Thad said...

I agree completely Rick. Until you can afford to make your own film you should whore yourself out to the studios. Even though the animation industry is dead it still owes us artists a living. after all, we're artists and we need to be supported by the industry we hate.

Thad said...

If I'm not me, who am I? And if I'm somebody else, why do I look like me?

John said...

Hi Mark (and everyone else contributing),

I think that this blog is fantastic. I'm not really one to follow blogs, or comment for that matter, but this one strikes a chord that resonates with how I feel about the industry and my future in it.

I agree with a lot of your points Mark, and from a student's perspective, I think it is time to stop clutching to the old giants and to forge a new path. Disney did their thing. So did Hanna-Barbera. Pixar has the G-rated family blockbuster in 3-D market pretty much taken care of.

It's time to embrace failure. In a typical spiritual paradox: failure is both the greatest threat to animation and entertainment in general, and its salvation. Our culture and economy does not look kindly upon failure. We have been well-trained in our post-consumer culture to be good little ADD lemmings and follow #1: we read the DaVinci Code and listen to the Jonas Brothers and watch American Idol...Why? Because they are popular, and not because we actually like or value them. We follow the hits, which are now dictated to us by producers and execs: "A future classic..." "See what everyone is talking about..."

Failure involves something that is missing in animation today (and many other industries, for that matter): process. To illustrate a point: we don't even do the process anymore, we outsource it wholesale. We focus all of our attention on cutting cost and creating elaborate contracts so that failure can be contained like a cancer. Much like chemo kills a lot more than cancer; this producer-and-outsourcing-heavy tactic kills a lot more than failure.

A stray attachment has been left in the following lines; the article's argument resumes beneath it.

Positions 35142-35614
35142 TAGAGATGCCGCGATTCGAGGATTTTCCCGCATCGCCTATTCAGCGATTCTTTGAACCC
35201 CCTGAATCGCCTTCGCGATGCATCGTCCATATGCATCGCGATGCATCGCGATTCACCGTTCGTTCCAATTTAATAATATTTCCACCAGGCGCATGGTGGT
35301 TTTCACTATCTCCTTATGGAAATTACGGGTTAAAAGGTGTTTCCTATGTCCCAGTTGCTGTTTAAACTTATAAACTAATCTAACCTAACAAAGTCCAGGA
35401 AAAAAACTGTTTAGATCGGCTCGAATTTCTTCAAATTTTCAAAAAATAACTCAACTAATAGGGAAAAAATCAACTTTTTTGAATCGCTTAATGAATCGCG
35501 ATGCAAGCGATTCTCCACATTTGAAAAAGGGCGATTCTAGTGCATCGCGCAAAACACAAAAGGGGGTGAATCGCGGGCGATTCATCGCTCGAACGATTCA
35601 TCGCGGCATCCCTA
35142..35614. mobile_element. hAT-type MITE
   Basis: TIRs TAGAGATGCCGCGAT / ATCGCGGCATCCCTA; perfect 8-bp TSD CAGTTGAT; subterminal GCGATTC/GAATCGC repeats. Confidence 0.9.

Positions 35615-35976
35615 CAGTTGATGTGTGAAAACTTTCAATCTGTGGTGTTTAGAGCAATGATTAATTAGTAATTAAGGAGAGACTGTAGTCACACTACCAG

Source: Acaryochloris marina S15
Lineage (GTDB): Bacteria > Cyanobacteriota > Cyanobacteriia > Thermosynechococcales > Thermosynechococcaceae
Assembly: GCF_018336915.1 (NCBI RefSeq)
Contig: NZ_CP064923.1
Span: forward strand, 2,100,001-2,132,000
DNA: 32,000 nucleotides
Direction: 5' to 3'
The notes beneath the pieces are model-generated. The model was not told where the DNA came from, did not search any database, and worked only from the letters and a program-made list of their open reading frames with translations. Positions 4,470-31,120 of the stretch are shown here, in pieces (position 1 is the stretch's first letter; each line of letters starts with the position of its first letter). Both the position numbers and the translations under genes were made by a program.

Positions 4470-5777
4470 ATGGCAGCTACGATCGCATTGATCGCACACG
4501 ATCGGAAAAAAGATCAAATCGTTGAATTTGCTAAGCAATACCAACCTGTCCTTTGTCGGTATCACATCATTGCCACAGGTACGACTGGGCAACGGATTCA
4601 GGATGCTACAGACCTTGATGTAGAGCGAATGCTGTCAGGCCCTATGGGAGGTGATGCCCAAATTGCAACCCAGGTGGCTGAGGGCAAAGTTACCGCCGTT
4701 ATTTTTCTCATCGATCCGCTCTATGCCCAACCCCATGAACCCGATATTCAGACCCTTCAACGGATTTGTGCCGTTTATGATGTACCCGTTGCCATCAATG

The tricky thing with indie animating is that there is no one to follow and failure is guaranteed: what is a poor ADD lemming to do?...that goes against his very nature!

Wayne said...

Hi Mark,

It's been a long time. I love your site and will be back often.

Wayne Gilbert

allen mez said...

Another great post Mark. Having worked for the studios and Nickelodeon I found there was a tremendous amount of inefficiency. Four guys in the trenches can make an 11 minute short for a fraction of the cost. Scripts don't get re-written by the legal dept., no producer redundancy, no climate of fear creating all types of snail pace bureaucracy.

The web has taken away the studio domination of distribution. I really think animators will have more and more opportunity to do there own thing and do it well.

Back to animating-A